“Since Barack Obama’s rise to national and global stardom, much has been written about him from several standpoints: politics, leadership, communication, race and social media use,” notes Ghanaian scholar and journalist, Dr. Etse Sikanku in a new book about the 44th president of the United States of America.
It is also fair to note that none of these writings have probably delved deeper into how Obama’s multiracial background, especially his African heritage impacted his persona, a theme which runs through Dr. Sikanku’s book: “The Afrocentric Obama and Lessons on successful political campaign”.
Blending storytelling with academic research, the author examines how Africa has impacted Barack Obama’s values and policy making in his eight years at the helm as leader of the ‘free world’.
For Dr. Sikanku, the timing of the book is crucial especially as Barack Obama’s days in the White House are numbered. “The time is ripe to have conversations about him (Obama), his legacy and values as well as what he represents,” he told Africanews from his book tour in the U.S.
But what does Obama represent?
“Obama stands for certain things—communalism, compromise, civility and cooperation. These are things we need in our political and governance systems in Africa. His legacy stands for something more enduring beyond dollars or financial aid,” he said.
Most of these values, Dr. Sikanku believes were borne from Obama’s ‘Africanness’. The book thus draws lessons from the Obama phenomenon that could prove useful for politics in Africa and around the world.
But beyond establishing the links between Obama’s African origins and his persona or governance, what message does the book convey?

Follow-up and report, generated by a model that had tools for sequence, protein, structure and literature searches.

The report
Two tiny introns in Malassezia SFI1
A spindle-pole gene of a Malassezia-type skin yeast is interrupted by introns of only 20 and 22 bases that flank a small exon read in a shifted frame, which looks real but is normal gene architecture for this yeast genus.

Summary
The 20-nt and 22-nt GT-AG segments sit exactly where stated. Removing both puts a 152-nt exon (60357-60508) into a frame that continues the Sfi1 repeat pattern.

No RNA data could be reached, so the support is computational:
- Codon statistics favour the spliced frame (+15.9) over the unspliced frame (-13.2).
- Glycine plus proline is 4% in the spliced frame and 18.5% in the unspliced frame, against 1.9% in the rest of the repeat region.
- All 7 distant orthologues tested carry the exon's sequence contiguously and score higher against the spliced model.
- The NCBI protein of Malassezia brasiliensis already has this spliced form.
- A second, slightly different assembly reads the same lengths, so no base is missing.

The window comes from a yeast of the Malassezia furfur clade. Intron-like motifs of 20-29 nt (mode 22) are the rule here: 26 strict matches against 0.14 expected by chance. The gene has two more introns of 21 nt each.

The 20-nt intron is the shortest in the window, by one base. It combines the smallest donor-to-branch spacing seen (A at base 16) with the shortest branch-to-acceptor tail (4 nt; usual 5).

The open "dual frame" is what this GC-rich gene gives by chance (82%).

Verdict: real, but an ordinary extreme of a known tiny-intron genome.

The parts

“The message is that African leaders must inspire, work for the good of the people, not personal selfish interests and look within the continent rather than depend on external sources for development,” Dr. Sikanku told Africanews adding that “the message is for leaders to have people at the center of policy making”.
Owing to the style of writing adopted by the author, “The Afrocentric Obama” is ideal for general reading but can also serve as a vital resource communication, political science and social science students.
A U.S.-launch of the book has earned the author rave reviews.
Pulitzer prize-winning journalist and Professor Emeritus at the University of Iowa’s School of Journalism and Mass Communication, Stephen Berry said: “Dr. Etse Sikanku has produced an intriguing examination of the influence of US president Barack Hussein Obama’s African heritage and finds lessons not only for his countrymen in Ghana, but also for people in America.”
Head of the Political Science Department at the University of Ghana, Dr. Bossman Asare in his review described the book as a “master-piece that will influence people of all walks of life” adding that “this work will surely shape political campaigning globally for years”.
Jim Malewitz of the Texas Tribune probably sums up the essence of book saying: “The book offers keen insights to anyone seeking a more thorough understanding of Obama’s politics.”
Since the US release of the book, the author has held book readings and public discussions at the University of Pennsylvania, Harvard University, Iowa State University and Columbia University.
Dr. Sikanku is set to officially launch “The Afrocentric Obama and Lessons on successful political campaign” in his native Ghana on October 8 ahead of the west African nation’s crucial presidential and parliamentary elections in December.
It remains to be seen if politicians aspiring for political office in Ghana would take a leaf from Dr. Sikanku’s masterpiece as the campaigns heat up for the December poll.